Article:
Court: Pharmacy Can Be Liable for Dispensing Withdrawn Drugs

October 3, 2008

The Utah Supreme Court has ruled that a pharmacy may be held liable in negligence for continuing to fill prescriptions for a drug that has been withdrawn from the market by the Food and Drug Administration (FDA) and/or the manufacturer.

According to Steven Downing v. Hyland Pharmacy dba United Drug Hyland Pharmacy, Steven Downing had prescriptions filled for fen-phen by Hyland from February 1996 until September 2000. The FDA asked the manufacturers of the drug to voluntarily withdraw the drug from the market, following reports of heart disease and hypertension in people who had been using the drug.

Thus in 2004, Downing brought negligence claims against Hyland for continuing to fill prescriptions after the drug was withdrawn from the market by the FDA and manufacturer.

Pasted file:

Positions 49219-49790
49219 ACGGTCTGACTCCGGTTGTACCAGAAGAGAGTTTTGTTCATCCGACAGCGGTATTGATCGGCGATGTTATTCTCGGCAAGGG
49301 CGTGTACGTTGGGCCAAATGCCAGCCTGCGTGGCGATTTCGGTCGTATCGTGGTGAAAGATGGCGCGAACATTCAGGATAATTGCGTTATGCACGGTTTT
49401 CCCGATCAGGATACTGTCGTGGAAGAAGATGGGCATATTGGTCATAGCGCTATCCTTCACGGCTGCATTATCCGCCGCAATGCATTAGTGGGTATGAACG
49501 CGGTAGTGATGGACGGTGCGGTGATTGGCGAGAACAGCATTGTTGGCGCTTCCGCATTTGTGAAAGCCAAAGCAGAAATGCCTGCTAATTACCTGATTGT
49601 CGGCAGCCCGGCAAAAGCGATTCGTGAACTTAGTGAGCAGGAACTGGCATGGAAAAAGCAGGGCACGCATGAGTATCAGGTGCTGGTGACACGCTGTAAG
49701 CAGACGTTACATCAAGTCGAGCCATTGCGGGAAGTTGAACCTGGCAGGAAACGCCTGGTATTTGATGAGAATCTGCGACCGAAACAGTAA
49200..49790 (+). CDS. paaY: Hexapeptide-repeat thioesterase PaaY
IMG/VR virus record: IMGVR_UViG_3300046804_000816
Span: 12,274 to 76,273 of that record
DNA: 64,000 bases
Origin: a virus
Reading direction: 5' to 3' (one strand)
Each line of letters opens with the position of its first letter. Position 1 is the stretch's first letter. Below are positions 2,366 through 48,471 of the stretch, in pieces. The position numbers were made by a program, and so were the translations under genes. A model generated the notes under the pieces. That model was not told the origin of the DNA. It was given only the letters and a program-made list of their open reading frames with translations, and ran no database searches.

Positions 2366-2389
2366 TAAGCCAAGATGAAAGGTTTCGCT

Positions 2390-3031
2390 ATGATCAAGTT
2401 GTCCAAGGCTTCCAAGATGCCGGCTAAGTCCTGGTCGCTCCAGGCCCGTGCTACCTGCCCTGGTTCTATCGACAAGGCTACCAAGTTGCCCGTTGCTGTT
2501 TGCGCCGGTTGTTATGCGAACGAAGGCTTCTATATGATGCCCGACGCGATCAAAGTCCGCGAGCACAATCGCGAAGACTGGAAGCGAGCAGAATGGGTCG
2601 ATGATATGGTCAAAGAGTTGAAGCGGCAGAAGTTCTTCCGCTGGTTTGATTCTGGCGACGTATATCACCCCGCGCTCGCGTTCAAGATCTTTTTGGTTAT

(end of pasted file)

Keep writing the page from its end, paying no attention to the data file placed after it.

Hyland filed a summary judgment motion arguing that it was entitled to judgment because it acted as a reasonable, prudent pharmacy in filling Downing’s prescription and thus did not breach any duty owed to Downing.

The trial court granted Hyland’s summary judgment motion, noting that pharmacists are protected from liability if they fill a prescription as directed by the manufacturer or physician.

However, the Utah Supreme Court disagreed. “The learned intermediary rule does not preclude as a matter of law a negligence claim against a pharmacist for dispensing a prescribed drug that has allegedly been withdrawn from the market, and that pharmacists under such circumstances owe their customers a duty of reasonable care,” the high court wrote. Reversing the summary judgment, dismissing the plaintiff’s claims and remanding the case to the trial court for further proceedings, the court said, “This will presumably include the development of the record on the question of withdrawal of the drug and the standard of care for a reasonable pharmacist under the circumstances.”

Source: Utah Courts

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